Following usual procedure, it is expected that the continuation will be granted.

It is now anticipated that the Public Hearing will be included in the IWWC’s next meeting on Tuesday, May 25, when the hearing will likely be closed at its conclusion and the Commission may then take a vote on the proposal at that time.

Alternatively, the commission may defer their vote until a later date.

Visit this link to view the agenda for tonight’s meeting, which includes all the details regarding how to join the meeting via computer or phone.

Visit this link to read our article on the March IWWC meeting when the Public Hearing on the proposed gas station and convenience store was opened.

Visit this link to read a statement from the Halls Rd. Improvement Committee requesting the withdrawal of the proposed gas station/convenience store.

Lyme Board of Finance Hosts Virtual Public Hearing Tonight on Proposed 2021-22 Budget, Concerns Raised About Open Space Fund Goal

LYME — The Lyme Board of Finance hosts a virtual Public Hearing this evening at 6:30 p.m. on their proposed budget for the 2021-22 fiscal year. Requests for the Zoom link to access the meeting must be made before 4 p.m. this afternoon.

The proposed budget can be viewed at this link.

Concerns have been raised both directly with LymeLine.com and on social media regarding the reduction in the Town’s Open Space Fund goal by 50 percent.

Visit this link to see how to access the meeting and submit comments in advance of the meeting. Public comment will also be accepted during the meeting.

This link also includes the agenda for the meeting.

 

 

 

 

Halls Rd. Improvements Committee Hosts Ceremony to Celebrate Installation of New Benches, All Welcome

The new benches on the west abutment of the old bridge road off Halls Rd. A ceremony celebrating their installation will be held today.

OLD LYME — The Halls Road Improvements Committee (HRIC) hosts a ceremony this afternoon, Saturday, April 24, at 1 p.m. to celebrate the installation of two, new park benches, which have been donated to the town for Halls Rd.

This map shows the area where the benches are located.

 The ceremony will be held on the west bridge abutment of the old bridge road off Halls Rd. The rain date is Saturday, May 1.

All are welcome — the HRIC is hoping for a large crowd!

Griswold Says Old Lyme’s Memorial Day Parade is “a Go” — No Parking on Street; Cemetery Ceremony Now Confirmed

Traditionally, the Lyme-Old Lyme High School leads Old Lyme’s Memorial Day Parade. File photo.

OLD LYME — UPDATED 4/21: At Monday’s Old Lyme Board of Selectmen’s meeting, First Selectman Timothy Griswold confirmed enthusiastically that the town’s annual Memorial Day parade would be held this year.

He had titled the agenda item regarding the parade, “It is a Go!”

Griswold said no parking would be permitted on Lyme St. or McCurdy Rd. to allow the bands and marchers to spread out more, but apart from that, planning would for the parade would now continue in the normal manner.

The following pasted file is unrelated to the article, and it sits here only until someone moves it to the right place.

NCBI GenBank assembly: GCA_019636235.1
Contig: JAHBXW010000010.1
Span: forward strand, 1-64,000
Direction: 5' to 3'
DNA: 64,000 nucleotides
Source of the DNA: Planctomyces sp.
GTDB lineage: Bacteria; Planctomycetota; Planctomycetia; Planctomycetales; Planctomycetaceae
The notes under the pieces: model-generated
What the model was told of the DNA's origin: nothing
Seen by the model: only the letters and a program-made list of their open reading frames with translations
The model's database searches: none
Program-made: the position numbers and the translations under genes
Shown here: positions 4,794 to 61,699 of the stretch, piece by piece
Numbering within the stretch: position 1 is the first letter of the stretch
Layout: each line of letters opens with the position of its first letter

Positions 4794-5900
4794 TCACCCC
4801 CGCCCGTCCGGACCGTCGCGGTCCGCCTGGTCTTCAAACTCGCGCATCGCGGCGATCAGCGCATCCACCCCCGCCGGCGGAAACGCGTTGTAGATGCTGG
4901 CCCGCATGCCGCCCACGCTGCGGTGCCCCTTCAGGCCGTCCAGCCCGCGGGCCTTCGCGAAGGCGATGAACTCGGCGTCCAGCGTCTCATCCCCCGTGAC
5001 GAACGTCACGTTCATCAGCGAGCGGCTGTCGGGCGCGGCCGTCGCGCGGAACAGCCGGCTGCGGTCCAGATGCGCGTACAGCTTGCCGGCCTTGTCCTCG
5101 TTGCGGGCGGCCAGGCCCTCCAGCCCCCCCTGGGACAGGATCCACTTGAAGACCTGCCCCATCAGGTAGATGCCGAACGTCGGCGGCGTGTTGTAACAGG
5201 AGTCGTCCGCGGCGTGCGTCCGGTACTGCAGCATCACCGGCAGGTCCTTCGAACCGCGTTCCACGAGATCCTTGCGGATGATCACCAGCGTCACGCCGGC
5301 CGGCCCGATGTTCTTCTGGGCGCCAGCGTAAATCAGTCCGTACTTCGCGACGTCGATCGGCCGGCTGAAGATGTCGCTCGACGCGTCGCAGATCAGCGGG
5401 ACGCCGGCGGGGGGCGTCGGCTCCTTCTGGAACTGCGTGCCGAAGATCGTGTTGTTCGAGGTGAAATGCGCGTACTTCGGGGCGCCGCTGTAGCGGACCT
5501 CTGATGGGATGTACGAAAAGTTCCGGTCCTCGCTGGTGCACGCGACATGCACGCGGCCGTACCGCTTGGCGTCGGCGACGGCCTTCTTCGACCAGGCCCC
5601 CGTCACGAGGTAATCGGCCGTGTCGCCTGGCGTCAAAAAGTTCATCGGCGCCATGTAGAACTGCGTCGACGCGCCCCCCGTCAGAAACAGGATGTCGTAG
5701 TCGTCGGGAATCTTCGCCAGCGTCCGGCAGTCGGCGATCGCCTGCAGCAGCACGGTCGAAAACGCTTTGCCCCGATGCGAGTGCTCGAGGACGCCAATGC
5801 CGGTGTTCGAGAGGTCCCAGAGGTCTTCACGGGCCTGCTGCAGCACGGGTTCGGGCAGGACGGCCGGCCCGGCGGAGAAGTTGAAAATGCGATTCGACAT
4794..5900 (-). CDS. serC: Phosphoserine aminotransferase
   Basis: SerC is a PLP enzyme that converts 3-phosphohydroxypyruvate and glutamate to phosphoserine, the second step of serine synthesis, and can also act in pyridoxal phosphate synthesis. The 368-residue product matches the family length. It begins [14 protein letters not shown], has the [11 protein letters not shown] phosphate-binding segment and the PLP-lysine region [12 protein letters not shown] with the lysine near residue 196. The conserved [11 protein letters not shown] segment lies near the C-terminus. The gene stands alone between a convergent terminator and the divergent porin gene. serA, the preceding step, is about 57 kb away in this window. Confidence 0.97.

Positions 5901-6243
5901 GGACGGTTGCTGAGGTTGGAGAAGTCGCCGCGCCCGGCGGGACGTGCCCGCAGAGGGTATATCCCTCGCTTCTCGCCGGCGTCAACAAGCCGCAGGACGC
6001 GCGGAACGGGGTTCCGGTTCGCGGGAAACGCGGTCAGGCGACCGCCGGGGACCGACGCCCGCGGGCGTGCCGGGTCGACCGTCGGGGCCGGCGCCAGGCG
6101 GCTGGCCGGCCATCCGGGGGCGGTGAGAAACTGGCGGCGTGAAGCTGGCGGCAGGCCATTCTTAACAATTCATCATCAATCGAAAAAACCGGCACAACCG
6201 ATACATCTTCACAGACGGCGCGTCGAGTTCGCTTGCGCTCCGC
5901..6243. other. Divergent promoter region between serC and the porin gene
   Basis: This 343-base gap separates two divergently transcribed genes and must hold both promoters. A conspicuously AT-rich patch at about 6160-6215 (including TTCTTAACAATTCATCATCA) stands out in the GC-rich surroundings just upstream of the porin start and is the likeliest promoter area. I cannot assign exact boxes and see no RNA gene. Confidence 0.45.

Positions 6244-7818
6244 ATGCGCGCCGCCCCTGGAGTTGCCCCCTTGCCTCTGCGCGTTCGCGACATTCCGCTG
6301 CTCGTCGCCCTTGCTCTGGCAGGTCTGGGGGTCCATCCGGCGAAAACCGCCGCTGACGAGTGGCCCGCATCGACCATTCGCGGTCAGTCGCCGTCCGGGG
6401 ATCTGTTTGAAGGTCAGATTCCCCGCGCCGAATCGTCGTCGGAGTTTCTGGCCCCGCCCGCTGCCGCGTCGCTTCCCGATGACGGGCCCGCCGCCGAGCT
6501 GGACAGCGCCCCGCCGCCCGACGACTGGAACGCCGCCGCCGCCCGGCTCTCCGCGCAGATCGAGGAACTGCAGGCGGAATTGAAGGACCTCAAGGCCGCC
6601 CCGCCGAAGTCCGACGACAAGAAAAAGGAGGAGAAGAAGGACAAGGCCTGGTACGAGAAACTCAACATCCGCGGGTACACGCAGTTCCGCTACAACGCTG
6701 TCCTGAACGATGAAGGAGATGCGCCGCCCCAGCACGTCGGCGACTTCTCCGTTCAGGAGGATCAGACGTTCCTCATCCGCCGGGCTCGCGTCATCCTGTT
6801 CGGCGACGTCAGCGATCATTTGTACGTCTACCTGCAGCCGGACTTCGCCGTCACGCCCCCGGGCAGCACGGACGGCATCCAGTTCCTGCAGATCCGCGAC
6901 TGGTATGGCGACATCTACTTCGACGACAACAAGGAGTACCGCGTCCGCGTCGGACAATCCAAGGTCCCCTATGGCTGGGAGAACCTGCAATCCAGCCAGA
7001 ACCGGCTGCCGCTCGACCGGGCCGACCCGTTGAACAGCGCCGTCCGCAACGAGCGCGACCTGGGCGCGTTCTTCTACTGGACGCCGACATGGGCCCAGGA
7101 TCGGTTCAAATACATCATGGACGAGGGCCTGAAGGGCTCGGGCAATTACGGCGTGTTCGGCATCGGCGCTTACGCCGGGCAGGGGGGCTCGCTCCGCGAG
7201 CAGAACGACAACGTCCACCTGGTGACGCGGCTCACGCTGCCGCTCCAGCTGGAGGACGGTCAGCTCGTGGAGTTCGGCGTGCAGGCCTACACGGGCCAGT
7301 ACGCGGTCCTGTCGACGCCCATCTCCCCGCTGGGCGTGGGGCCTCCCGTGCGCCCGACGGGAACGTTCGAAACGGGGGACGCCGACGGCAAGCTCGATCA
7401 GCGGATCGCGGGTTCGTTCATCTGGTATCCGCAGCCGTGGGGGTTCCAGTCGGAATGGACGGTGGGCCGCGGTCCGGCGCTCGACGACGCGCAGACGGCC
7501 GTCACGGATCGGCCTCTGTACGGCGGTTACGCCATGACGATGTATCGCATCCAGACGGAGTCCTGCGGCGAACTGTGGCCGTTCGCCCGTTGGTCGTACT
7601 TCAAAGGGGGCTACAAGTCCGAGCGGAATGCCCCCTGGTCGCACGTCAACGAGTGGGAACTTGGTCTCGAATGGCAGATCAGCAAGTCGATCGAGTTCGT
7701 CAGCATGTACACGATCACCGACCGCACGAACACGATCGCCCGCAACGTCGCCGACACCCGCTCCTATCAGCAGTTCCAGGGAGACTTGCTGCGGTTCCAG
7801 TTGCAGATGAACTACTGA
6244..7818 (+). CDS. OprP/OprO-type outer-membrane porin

Griswold anticipated that individuals watching the parade would take the necessary action to maintain social distancing protocols.

We are still trying to confirm whether the traditional ceremony will be

4/21 UPDATE: First Selectman Griswold has now confirmed to us that the traditional ceremony held at the conclusion of the parade in Duck River Cemetery will take place this year. He also noted that, as usual, the May 31 parade will start at 11 a.m. 

 

Old Lyme Holds Public Hearing on Proposed Town Budget for 2021-22

OLD LYME — The Old Lyme Board of Finance will hold a Public Hearing on the Proposed Town Budget for the  2021/22 financial year this evening, Monday, April 19, at 7:30 p.m. in the Meeting Hall of the Old Lyme Memorial Town Hall, 52 Lyme Street, Old Lyme.

The meeting can also be accessed by phone. Dial +1-408-418-9388 and enter access code 247 358 82.

The proposed date for voting on the budget will be Monday, May 17, at a Town Meeting scheduled for 7:30 p.m.

Resolution on Racism Raised Again in Old Lyme BOS; No Progress Made, ‘Nothing to Discuss’ (Selectman Kerr)

Old Lyme First Selectman Timothy Griswold (File photo)

***COMMENTING ON THIS ARTICLE IS CLOSED***Our apologies to those who  submitted comments after they were closed. We had not set the ‘Comments Closed’ option correctly — that has now been resolved. 

OLD LYME — The subject of the Resolution Declaring Racism a Public Health Crisis was again raised at the Old Lyme Board of Selectmen’s (BOS) meeting held this past Monday, April 5.

It came up first in Public Comment when George Clough of Old Lyme called in and said, “I want to ask the board of selectmen why the Resolution on Racism has not been acted upon.”

First Selectman Timothy Griswold (R) responded, saying, “I don’t subscribe to the idea that we have a public health crisis in Old Lyme.” He added that he felt the Resolution was written in a very negative way and “that it characterizes the townspeople” and “I just don’t buy it.”

Clough challenged Griswold’s response, noting other municipalities had already approved the Resolution and then asking, “So you don’t feel the problem of the systemic nature of racism is evident in Old Lyme at all?”

Griswold replied, “I don’t justify what other towns do. I’m just giving you my opinion.”

He invited the other two members of the board to give their opinions. Selectman Christopher Kerr (R) said, “I have no comment,” while Selectwoman Mary Jo Nosal (D) noted she planned to speak to the issue in Other Business.

Clough continued, “As one resident, I’m not going to let this go unchallenged … We do have issues in this town and we need to address them.”

He added, “I would say that if we don’t, we’ll end up with a Planning Commission sending a letter to legislators saying that we want to keep the character of the town as it is and don’t support changes in zoning regulations regarding Affordable Housing.”